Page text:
(May 20) NORFOLK, Va. — While the future may be in doubt, the present is staying on track for ExpressTrak LLC.

The company, which signed a 15-year contract in 1999 with Amtrak to move refrigerated cargo in cars attached to the back of Amtrak passenger trains, is doing almost more business than it can handle.

“We had a near record month in April,” said Kevin McKinney, vice president of marketing and administration. “I only wish I had more cars so we could do more business.”

The extra cars may have to wait awhile. While Amtrak is in a battle with the federal government over its future, ExpressTrak is in the middle of its own struggle with Amtrak.

In 2002, Amtrak president David Gunn made a decision to get Amtrak out of the express business, including its dry express business and the refrigerated business, which is handled solely by ExpressTrak.

Not willing to go down without a fight, ExpressTrak has taken the matter to court, working to hold Amtrak to the remaining 11 years on the 15-year contract.

In December, the judge presiding over the case issued a temporary injunction to prevent Amtrak from making changes to ExpressTrak’s operation while the case was pending.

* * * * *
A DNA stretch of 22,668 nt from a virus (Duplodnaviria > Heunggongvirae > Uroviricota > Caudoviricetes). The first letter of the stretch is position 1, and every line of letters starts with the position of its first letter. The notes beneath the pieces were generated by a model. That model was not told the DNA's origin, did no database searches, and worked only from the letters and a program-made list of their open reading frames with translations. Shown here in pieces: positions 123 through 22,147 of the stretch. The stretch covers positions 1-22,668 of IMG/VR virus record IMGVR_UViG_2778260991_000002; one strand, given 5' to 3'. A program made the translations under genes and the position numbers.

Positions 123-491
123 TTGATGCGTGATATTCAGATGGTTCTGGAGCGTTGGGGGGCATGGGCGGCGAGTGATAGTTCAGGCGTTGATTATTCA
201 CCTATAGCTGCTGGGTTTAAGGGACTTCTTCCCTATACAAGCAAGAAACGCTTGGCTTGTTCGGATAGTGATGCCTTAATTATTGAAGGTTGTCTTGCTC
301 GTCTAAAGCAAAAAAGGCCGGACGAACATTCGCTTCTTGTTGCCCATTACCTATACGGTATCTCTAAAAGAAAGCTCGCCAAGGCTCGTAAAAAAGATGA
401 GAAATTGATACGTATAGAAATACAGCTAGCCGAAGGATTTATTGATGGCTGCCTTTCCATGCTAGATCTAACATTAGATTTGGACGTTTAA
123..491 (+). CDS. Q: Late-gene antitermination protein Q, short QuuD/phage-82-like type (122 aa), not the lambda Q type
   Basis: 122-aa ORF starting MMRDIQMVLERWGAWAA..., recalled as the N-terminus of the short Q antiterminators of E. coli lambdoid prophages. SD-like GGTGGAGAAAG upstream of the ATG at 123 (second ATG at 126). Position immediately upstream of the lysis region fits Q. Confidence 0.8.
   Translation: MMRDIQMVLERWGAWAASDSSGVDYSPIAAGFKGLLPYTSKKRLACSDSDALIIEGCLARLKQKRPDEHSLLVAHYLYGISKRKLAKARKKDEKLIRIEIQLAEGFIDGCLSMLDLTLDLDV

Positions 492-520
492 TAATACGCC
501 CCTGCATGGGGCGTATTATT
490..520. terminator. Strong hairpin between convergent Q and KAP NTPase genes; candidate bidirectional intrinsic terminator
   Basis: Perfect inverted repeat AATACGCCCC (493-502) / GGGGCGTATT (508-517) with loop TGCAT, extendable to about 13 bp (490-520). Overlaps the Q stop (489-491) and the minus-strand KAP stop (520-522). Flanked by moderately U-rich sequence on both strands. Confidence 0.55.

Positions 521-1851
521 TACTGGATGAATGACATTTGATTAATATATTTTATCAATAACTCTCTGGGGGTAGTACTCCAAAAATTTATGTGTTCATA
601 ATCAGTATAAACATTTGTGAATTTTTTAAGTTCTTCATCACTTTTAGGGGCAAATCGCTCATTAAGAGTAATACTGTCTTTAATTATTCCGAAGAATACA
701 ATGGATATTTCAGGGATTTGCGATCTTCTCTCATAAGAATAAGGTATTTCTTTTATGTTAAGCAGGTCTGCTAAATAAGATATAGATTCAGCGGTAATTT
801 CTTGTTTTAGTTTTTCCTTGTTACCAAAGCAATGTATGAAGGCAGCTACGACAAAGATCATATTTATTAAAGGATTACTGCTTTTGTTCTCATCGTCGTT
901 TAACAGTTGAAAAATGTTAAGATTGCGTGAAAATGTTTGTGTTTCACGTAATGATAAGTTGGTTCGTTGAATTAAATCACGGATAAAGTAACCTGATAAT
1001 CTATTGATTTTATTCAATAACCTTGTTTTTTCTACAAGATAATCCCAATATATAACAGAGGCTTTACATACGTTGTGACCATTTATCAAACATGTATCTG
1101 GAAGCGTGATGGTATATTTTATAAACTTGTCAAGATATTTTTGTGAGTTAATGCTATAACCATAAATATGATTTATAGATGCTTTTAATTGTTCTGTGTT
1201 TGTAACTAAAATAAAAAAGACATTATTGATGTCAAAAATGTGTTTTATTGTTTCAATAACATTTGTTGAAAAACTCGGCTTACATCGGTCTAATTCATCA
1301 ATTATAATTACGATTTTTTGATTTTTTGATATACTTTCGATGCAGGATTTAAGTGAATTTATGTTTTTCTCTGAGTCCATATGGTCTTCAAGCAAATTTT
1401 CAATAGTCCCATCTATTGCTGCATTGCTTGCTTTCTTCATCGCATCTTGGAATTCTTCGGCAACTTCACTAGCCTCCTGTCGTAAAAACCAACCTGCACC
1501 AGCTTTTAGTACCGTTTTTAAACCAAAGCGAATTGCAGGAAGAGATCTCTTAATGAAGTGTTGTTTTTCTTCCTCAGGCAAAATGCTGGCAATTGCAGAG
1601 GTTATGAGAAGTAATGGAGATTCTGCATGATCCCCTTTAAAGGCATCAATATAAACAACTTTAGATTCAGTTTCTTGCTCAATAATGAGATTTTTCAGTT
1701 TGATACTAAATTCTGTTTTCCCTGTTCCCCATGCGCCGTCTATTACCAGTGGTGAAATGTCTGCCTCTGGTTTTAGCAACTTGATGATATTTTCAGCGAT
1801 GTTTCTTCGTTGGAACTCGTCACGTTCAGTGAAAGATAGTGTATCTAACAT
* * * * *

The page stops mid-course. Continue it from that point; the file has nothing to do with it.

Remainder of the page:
Now, with the case moving to arbitration, McKinney said the judge recently made that temporary injunction a permanent one.

“The idea was to protect the viability of the operation while this whole thing is litigated,” he said.

In other words, ExpressTrak isn’t going anywhere for the time being. There is no way of knowing how long the arbitration process will take — it could be years — but during that time ExpressTrak will remain in operation.

Meanwhile, Amtrak continues its battle for survival against the federal government. McKinney said he doesn’t much care for the plan set forth by the Bush administration to break up the railroad and allow it to be run by individual states.

“I think that’s pretty much insane,” he said. “It’s tantamount to shutting Amtrak down.”

McKinney said that in most cases where a state is running a train system, such as California, that system is largely self-contained within the state. Such is not the case with Amtrak.

“Most other places have multi-state corridors,” he said. “It’s hard to get the states together to agree on running those routes. You couldn’t get eight states together to agree on the time of day, let alone support a long route like that.”

In spite of the turmoil, McKinney said ExpressTrak’s business has been steady. The company recently shipped its first load of avocados from Los Angeles to Philadelphia.

The avocados were shipped by Mission Produce, Oxnard, Calif.

In addition, the company has been doing back-haul loads, taking product shipped into the Port of Philadelphia from Costa Rica and moving it by train to Los Angeles.

“I don’t see us expanding right now,” McKinney said. “But I don’t see us contracting or going away, either.”